Strategize: Building an Evidence-Led Product Strategy

Based on the insights gained, startups can develop a product strategy centered around driving activation, activation, and activation. If you can’t get people to sign up for your offer, you probably can’t get them to pay either. By focusing on evidence-led decision-making, startups can optimize their chances of success in activating acquired leads. An evidence-led product strategy has:

  1. User Insights: Gain deep insights into the target users by conducting user research activities from recorded screen sessions.
  2. Analytics Data: Utilize data analytics tools to gather quantitative data on user behavior, engagement metrics, conversion rates, and customer journey. Analyze this data to identify patterns, trends, and areas where users may encounter issues or drop-offs.
  3. Competitive Analysis: Evaluate competitors’ products and strategies to understand their strengths, weaknesses, and unique selling propositions. Identify gaps in the market that your product can address or areas where you can differentiate yourself.
  4. Financial Considerations: Understand the company’s financial goals, budget constraints, and revenue projections. Consider different product strategies’ potential return on investment (ROI) and prioritize initiatives accordingly.

Act: Reorder That Roadmap

This roadmap should emphasize   key areas such as your JTBD goals & how to handle messaging, onboarding, and reactivation tactics. Examples of effective tactics include:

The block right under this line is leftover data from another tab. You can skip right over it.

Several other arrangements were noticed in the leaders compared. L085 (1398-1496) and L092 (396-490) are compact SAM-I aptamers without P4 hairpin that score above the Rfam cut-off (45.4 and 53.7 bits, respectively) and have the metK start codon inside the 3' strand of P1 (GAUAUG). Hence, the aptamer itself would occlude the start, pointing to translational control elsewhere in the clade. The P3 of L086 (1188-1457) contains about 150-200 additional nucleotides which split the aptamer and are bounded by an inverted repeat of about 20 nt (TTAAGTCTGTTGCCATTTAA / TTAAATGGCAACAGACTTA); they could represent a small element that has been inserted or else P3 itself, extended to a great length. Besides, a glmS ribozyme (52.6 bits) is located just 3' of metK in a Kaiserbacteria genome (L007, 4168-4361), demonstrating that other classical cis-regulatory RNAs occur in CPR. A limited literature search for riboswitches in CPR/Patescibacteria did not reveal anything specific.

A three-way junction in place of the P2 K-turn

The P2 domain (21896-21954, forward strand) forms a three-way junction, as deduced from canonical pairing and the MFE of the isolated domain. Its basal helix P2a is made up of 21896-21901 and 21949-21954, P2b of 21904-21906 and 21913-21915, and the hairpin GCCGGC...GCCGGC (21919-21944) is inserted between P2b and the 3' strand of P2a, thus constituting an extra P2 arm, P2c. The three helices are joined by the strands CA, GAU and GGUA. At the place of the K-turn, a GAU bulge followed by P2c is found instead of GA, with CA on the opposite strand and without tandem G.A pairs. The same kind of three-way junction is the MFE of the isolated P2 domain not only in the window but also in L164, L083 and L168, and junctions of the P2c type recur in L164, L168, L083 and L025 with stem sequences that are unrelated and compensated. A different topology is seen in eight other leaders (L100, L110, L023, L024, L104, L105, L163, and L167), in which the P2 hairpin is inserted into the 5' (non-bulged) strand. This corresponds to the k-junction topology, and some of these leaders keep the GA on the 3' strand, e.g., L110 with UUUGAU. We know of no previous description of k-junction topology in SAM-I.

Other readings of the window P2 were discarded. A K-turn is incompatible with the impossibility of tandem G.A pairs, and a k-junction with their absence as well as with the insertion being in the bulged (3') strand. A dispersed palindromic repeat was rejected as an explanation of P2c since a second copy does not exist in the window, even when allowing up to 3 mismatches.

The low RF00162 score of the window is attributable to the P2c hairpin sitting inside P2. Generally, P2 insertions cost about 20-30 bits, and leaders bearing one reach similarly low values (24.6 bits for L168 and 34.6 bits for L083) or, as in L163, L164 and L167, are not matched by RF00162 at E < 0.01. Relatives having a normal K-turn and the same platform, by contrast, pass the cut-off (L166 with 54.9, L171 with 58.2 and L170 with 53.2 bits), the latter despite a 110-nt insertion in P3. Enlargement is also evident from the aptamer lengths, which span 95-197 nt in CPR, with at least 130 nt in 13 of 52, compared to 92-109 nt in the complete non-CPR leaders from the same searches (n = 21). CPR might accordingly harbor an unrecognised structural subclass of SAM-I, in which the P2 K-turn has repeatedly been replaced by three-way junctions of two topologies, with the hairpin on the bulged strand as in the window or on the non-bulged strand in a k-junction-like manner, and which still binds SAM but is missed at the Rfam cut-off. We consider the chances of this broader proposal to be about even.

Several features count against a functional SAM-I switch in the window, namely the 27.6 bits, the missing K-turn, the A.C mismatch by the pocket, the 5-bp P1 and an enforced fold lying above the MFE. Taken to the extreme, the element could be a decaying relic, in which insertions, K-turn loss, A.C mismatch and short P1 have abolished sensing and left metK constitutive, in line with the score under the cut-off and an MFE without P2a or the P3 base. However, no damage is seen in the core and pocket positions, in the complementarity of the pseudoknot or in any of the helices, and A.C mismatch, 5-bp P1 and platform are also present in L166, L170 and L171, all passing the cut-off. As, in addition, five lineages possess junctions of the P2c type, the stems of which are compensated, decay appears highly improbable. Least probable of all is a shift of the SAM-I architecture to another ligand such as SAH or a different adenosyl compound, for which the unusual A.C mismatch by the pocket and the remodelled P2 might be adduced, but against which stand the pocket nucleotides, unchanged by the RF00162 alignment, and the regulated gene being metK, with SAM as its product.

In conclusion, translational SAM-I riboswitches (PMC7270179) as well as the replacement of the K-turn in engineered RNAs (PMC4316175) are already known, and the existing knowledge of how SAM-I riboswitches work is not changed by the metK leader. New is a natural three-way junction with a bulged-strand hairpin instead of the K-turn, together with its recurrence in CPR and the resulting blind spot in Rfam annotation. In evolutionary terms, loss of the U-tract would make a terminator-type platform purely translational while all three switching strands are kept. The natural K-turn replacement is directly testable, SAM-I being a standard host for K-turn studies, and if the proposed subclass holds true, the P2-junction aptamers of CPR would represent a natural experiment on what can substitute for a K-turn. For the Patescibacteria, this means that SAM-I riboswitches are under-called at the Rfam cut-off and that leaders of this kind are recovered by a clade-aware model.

• Remarketing to audiences on social media.
  • Engaging in win-back email campaigns.
  • Conducting customer discovery calls.

These actions aim to nurture leads, re-engage them, and drive activation.

  1. Prioritize and Set Objectives: Based on the information gathered, prioritize the features, enhancements, or initiatives that align with your product vision and goals. Consider user impact, business value, technical feasibility, and market opportunities. Set clear objectives for each roadmap item to provide a measurable outcome.
  2. Define Themes or Initiatives: Group related features or enhancements into themes or initiatives. This helps organize your roadmap and provides a higher-level view of the product direction. Themes can be based on user needs, business goals, technical improvements, or any other relevant categorization.
  3. Create a Visual Representation: Use a visual format, such as a timeline or a Gantt chart, to represent your product roadmap. Clearly communicate the planned releases, milestones, and deliverables. Visualizing your roadmap helps stakeholders understand the product’s journey and the timing of different initiatives.
  4. Communicate and Iterate: Share the product roadmap with key stakeholders, including internal teams, executives, and customers if appropriate. Clearly communicate the rationale behind the roadmap, the prioritization process, and the expected outcomes. Be open to feedback and iterate on the roadmap as new information or changes in the market arise.